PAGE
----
To the Editor:
Regarding Steven Ross’ post about supplemental education services, or SES, in the Sputnik blog (“Supplemental Educational Services: Noble Ideas + Unreasonable Expectations = Disappointing Results,” edweek.org, Oct. 19, 2011): While Mr. Ross is a talented researcher, he should stick to analyzing data, not policy.
He demonstrates a fundamental misunderstanding of the No Child Left Behind Act when he states that SES was designed to move schools out of improvement status. The primary goal of SES from its very inception was to give low-income students in struggling schools the extra academic assistance they need, while the school does the hard work of systemic improvement.
SES is embedded in a much larger school improvement framework and is not intended to be the sole remedy for struggling schools. Moreover, SES is the one direct service in NCLB that is of immediate benefit to students. As Mr. Ross rightly points out, the research clearly shows that tutoring and small group instruction are powerful tools to help students improve. However, the guest blogger misapplies his data to form an incredibly misguided policy conclusion.
If Mr. Ross were to extrapolate the gains he found in short-term SES programs across an entire school year, the impact on student progress would be tremendously significant. By this logic, the federal government’s $800 million investment in SES is truly one of its most productive programs. Applying the blog’s flawed approach to other federal programs would lead to the conclusion that many federal programs are worthless.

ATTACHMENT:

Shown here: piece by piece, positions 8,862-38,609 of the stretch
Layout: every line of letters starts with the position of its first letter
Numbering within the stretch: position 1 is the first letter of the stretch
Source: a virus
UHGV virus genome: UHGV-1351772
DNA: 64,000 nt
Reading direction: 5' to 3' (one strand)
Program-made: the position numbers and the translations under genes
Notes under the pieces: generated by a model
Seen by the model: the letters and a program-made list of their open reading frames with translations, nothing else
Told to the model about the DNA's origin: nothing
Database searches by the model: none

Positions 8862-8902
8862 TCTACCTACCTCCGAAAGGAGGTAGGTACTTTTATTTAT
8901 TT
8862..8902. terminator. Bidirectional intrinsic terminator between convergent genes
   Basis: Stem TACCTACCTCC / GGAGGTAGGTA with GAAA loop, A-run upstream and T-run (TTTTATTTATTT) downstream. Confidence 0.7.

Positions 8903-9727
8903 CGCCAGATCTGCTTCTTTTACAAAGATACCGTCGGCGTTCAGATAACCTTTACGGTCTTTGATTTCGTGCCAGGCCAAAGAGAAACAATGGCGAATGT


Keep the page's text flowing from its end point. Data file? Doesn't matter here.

Where is the concern for the billions in federal education spending that hasn’t been measured or produced results? Too many children in this country have no access to the supplemental educational help they need. Let’s not allow flawed analysis to lead to more low-income and minority children being denied the extra academic assistance their more affluent and less diverse peers can afford on their own.
Vice President for Contract Services
A version of this article appeared in the November 16, 2011 edition of Education Week as SES Aims to Help Pupils, Not Turn Around Schools